A recent study by Enda King and Dr. Éanna Falvey the next head of the British and Irish Lions medical team, and published in the British Journal of Sports Medicine (BJSM) compared the research on physiotherapy versus surgery on return to play for Athletic groin pain.
Athletic groin pain has been shown to be quite prevalent among players involved in gaelic football.
They divided the groin injury up into pubic related, adductor related and abdominal related groin pain.
The review suggested better results and quicker return to play with physiotherapy rehabilitation over surgery for pubic-related groin pain.
They also found no difference between surgery and physiotherapy rehabilitation for the adductor and abdominal groups.
You can see why the groin comes under some strain with all the side stepping seen in Gaelic football, rugby, hurling and soccer. With Colm Cooper today retiring from Gaelic football I thought I would share some of the side steps, points and goals throughout his career.
Is your child complaining of recurrent heel or knee pain with no specific cause and it gets worse with activity?
Aisling Dolan, one of our physiotherapists here at Milltown Physiotherapy, has a special interest in treating and managing such injuries, having done a recent thesis on this topic as part of her Masters.
According to her review of recent research, the rise in children participating in organised sports has brought about an overall increase in over-use injuries. With this increased participation rate, there is also a growing pressure on children to perform at high levels and this can lead to inappropriate levels of training intensity, frequency and duration.
“Calcaneal apophysits”, (more commonly known as “Sever’s disease”) is the lead cause of heel pain in children. This condition causes intermittent pain where the Achilles tendon joins the heel bone at the growth plate. When the load at this junction has exceeded its tolerance level, it can cause an inflammatory response. Other common symptoms can include tenderness on palpation of the back of the heel, swelling and pain provoked by activities such as jumping and running.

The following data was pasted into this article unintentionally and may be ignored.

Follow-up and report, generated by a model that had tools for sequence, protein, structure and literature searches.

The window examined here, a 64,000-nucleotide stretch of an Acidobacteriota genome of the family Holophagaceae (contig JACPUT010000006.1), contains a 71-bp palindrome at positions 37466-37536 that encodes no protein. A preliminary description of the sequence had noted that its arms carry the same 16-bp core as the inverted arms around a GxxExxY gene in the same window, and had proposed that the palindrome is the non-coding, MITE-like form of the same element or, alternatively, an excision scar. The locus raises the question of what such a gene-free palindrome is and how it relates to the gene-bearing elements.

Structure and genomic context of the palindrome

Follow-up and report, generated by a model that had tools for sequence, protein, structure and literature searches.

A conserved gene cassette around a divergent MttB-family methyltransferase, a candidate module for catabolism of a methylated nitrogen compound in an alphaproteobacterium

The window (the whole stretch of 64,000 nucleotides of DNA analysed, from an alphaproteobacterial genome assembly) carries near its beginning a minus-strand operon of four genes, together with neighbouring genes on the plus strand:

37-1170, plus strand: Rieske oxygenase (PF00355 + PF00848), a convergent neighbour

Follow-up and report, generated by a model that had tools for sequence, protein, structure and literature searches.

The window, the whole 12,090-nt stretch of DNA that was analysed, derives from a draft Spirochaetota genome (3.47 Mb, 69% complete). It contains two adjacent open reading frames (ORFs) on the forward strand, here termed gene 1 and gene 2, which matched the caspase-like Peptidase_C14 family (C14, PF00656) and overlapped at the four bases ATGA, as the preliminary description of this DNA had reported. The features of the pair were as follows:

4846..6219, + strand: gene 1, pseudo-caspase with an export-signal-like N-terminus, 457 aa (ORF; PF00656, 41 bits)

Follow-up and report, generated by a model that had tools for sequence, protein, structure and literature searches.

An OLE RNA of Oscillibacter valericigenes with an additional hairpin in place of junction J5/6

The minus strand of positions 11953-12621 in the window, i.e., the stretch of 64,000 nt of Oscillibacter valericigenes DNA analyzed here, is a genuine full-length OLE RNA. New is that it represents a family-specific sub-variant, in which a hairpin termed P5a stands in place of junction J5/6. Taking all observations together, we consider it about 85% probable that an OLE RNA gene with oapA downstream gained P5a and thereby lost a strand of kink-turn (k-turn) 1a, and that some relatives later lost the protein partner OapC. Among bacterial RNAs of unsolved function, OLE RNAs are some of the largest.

The growth plates can be weak links and prone to this injury due to an increase in muscle tightness which occurs during growth spurts and increased levels of sport and activity. Aisling’s research reported that physiotherapy modalities are commonly used to manage these types of overuse conditions. Successful physiotherapy management includes activity modification, manual therapy and a home stretching programme specific to each child’s needs.
Preventative strategies for these type of injuries include monitoring growth spurts, muscle tightness and ensuring that sport participation is managed appropriately with these variables.
The pelvic floor muscles have many different functions and dysfunction within them can present itself in many different ways. During a vaginal delivery the pelvic floor muscles have to stretch to three times their normal length, so it’s no surprise that they may need a little bit of help regaining their function post-natally.
Do you have difficulty controlling urine when you cough, sneeze, laugh or exercise?
Do you have a feeling of urgency to go to the loo, which you sometimes can’t control?
Are you unable to fully empty the bladder and often have to go back?
Have you noticed any heaviness or aching around the vagina?
Have you felt any bulging in the vagina or felt that something might ‘come out’?
Do you have difficulty controlling wind?
Do you struggle to completely empty your bowel?
Do you have a sense of urgency to empty the bowel?
Do you experience discomfort or pain during intercourse?